SLAP CHAIN MANNERS
- December 4, 2019
- Jan Swan Wood
It’s not always possible to separate horses just the way you need to. Lack of space and facilities plus horse personalities can make running certain horses together a challenge.
It could be a stud, a nasty mare or even a bossy gelding that is the trouble maker in a bunch. A simple and old fashioned way of controlling this negative behavior and making it easier on the other horses is the use of a very effective item called a “slap chain”.
Yes, it does make use of a chain, but a smooth one with about a one inch link size. Using a bull snap or, as I prefer, a screw link that is plenty stout, attach about six feet of the smooth chain to a picket cuff and place it on a front foot of the horse who is the trouble maker. Let the horse get used to the chain dragging in a small, controlled area, such as the round pen. Then turn them out into the big pen or lot to get used to it before adding other horses. He or she may fall on their nose a few times when they step on the chain, but the chain can’t burn their legs or hurt them in any way, so they quickly learn to watch where they’re stepping and putting that foot with the chain.
After they’ve had it on for a day or so, you can add in some other horses. As long as it’s the dominant/aggressive horse wearing the chain, it will work out just fine. That horse will figure out pretty quickly that it’s easier to be at peace with their pen mates than to step on that chain when trying to bite and chase them.
A stud that was a good saddle horse and a good feller otherwise was a mean sonofagun with his gelding pal and pen mate if there was a mare within a mile. This stud learned, while wearing the slap chain, that he could get along just fine after he spilled himself a time or two. He did figure out that he needed to “throw” that chain to the outside to travel very fast, but the horse that ran with him could easily stay away from him and they got along fine as pen mates when it was required. If the stud got too fast with the slap chain we simply changed it to the other front foot and he had to relearn how to travel with it.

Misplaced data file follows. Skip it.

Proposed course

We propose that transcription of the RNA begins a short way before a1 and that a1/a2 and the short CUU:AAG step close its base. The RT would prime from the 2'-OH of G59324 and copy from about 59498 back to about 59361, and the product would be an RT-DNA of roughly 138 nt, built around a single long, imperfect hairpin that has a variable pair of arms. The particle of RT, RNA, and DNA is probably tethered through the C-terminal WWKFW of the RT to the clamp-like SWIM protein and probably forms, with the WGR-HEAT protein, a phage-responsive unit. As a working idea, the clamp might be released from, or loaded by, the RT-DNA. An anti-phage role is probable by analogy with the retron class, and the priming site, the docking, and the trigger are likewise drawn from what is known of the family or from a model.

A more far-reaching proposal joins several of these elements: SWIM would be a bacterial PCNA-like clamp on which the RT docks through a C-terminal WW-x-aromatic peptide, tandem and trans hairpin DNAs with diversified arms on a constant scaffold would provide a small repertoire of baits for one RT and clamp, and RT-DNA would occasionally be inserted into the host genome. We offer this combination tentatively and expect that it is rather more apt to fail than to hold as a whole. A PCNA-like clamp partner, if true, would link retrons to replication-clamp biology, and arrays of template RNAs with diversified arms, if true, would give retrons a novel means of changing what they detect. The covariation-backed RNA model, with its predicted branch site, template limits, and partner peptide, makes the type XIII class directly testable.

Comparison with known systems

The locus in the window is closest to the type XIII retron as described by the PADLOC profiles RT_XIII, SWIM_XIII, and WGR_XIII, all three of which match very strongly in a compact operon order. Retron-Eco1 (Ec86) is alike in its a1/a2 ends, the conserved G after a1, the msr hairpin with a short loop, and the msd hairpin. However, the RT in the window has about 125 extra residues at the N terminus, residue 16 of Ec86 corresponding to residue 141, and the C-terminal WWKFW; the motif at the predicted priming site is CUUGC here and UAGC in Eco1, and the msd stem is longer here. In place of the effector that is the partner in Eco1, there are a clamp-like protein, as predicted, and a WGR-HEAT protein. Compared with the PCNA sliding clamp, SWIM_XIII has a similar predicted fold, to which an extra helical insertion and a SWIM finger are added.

In all the years of using a slap chain with the rig that I described I’ve never seen it cause an injury. The bonus is that a horse that has worn a slap chain is very easy to picket break by a front foot too. They learn to “give” to pressure.
I know some old timers who would turn a horse out in the pasture with a slap chain but I never did. There’s too much chance of it getting caught on something and no one seeing it. I also didn’t have any open gates for them to walk through because of the chance of catching it at the base of a post.
Used as described, it’s a very effective way to make horses play nice with others.
About Jan Swan Wood
Jan was raised on a ranch in far western South Dakota. She grew up horseback working all descriptions of cattle, plus sheep and horses. After leaving home she pursued a post-graduate study of cowboying and dayworking in Nebraska, New Mexico, Montana, Wyoming and South Dakota....